Alison Krauss, the Quiet Grammy Queen
Fri, 10 Feb 2006 13:14:27
With most of the morning-after fuss focusing on U2, who strutted off with five golden gramophones following this year’s Grammys at Los Angeles' Staples Center, Alison Krauss was allowed to largely slip under the overexposure radar, as she’s been doing for much of her illustrious career.
The three new statues for Krauss and her Union Station bandmates -- “Country Performance by a Duo or Group with Vocals,” “Best Country Instrumental Performance,” and “Best Country Album” for Lonely Runs Both Ways -- means that the fiddler can now call herself a “twenty-time Grammy winner.” This impressive feat ranks Krauss as Grammy's most-lauded female artist and seventh on the all-time list, right behind Bono and the boys of U2 (with 22). The really amazing part: Krauss is only 34. If she sticks around, it’s realistic to think that she will dethrone the current all-time master of the Grammys, the late Sir Georgi Solti (31 wins).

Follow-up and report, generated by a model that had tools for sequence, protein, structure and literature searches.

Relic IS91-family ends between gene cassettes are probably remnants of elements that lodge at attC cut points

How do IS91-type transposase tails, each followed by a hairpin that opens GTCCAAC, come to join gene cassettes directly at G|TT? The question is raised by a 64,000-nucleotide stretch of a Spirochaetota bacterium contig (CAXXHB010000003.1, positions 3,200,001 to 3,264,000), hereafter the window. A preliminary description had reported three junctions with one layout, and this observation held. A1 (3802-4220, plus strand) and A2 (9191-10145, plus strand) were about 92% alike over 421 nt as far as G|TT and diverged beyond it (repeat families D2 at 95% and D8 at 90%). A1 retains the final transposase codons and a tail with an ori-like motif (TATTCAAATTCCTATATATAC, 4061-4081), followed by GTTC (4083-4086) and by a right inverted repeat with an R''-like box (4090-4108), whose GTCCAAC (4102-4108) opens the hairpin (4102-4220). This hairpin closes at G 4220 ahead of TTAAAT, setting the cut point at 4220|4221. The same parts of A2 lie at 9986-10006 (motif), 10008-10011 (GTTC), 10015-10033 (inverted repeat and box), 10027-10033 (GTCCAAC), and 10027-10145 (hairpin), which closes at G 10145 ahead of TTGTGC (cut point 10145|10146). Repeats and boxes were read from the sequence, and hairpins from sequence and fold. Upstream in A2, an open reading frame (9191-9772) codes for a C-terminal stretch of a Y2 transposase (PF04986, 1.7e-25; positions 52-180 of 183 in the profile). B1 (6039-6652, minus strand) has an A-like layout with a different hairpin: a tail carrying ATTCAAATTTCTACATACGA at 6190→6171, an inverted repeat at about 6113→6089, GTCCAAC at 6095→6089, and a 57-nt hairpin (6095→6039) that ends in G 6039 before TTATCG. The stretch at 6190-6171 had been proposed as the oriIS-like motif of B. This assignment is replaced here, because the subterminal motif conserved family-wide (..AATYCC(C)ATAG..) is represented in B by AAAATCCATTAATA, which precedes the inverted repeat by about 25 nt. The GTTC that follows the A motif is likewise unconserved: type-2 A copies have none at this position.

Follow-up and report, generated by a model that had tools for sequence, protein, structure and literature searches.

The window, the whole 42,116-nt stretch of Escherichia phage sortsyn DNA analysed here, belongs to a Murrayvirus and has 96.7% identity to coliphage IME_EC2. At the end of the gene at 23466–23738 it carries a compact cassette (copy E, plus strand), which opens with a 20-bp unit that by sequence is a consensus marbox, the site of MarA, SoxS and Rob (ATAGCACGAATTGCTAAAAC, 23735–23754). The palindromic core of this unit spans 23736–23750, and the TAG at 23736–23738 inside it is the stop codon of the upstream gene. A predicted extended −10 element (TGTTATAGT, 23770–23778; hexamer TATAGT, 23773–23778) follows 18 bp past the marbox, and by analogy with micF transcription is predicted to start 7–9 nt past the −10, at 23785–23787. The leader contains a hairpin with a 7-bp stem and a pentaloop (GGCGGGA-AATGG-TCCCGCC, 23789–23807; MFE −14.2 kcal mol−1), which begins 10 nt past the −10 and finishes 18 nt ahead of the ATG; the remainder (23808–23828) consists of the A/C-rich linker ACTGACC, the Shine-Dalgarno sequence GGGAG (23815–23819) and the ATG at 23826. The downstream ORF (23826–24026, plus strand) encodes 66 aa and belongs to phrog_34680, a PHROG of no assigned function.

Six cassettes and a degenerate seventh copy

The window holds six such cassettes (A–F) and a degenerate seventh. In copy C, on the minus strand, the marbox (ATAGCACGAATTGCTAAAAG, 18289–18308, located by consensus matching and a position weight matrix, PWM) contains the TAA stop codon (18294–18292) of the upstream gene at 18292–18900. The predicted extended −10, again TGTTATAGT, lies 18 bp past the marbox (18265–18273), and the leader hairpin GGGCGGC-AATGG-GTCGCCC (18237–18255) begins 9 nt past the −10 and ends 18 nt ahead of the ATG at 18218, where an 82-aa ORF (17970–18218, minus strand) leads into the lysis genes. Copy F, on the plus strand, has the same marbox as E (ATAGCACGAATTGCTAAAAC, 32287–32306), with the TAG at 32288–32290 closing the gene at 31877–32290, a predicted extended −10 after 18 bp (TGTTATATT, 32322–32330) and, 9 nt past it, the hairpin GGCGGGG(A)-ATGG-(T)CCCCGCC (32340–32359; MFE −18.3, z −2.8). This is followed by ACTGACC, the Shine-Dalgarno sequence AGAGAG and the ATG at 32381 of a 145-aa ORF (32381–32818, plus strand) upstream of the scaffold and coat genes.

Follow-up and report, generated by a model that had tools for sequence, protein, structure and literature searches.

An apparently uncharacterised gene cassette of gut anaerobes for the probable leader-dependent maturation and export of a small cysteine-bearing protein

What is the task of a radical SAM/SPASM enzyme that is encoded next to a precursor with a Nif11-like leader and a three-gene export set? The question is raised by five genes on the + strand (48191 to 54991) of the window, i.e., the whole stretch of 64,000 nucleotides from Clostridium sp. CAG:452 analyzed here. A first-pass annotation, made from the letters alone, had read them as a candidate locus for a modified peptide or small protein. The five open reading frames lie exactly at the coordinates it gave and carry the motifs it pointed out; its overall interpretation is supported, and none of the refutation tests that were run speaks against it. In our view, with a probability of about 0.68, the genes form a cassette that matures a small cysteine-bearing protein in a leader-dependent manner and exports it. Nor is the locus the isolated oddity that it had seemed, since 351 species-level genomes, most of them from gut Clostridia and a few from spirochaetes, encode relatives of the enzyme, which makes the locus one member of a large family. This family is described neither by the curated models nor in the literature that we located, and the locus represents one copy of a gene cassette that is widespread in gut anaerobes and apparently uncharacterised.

Others ahead of Krauss in the Grammy gold haul are Vladimir Horowitz, Henry Mancini, Quincy Jones, Pierre Boulez, and Stevie Wonder. On the other hand, Krauss is about twenty victories ahead of Led Zeppelin, Neil Young, The Who, and The Beach Boys -- some of whom have collected after-the-fact “achievement” awards, but never won a Grammy as contemporary artists.
Krauss helped launch bluegrass back into mainstream consciousness with 2002’s O Brother, Where Are Thou? soundtrack, which, helped by its Grammy win for “Album of the Year,” went platinum seven times over. Krauss signed to Rounder Records in 1985 --at the age of 14 -- and has been with the label ever since.
-- The ARTISTdirect Staff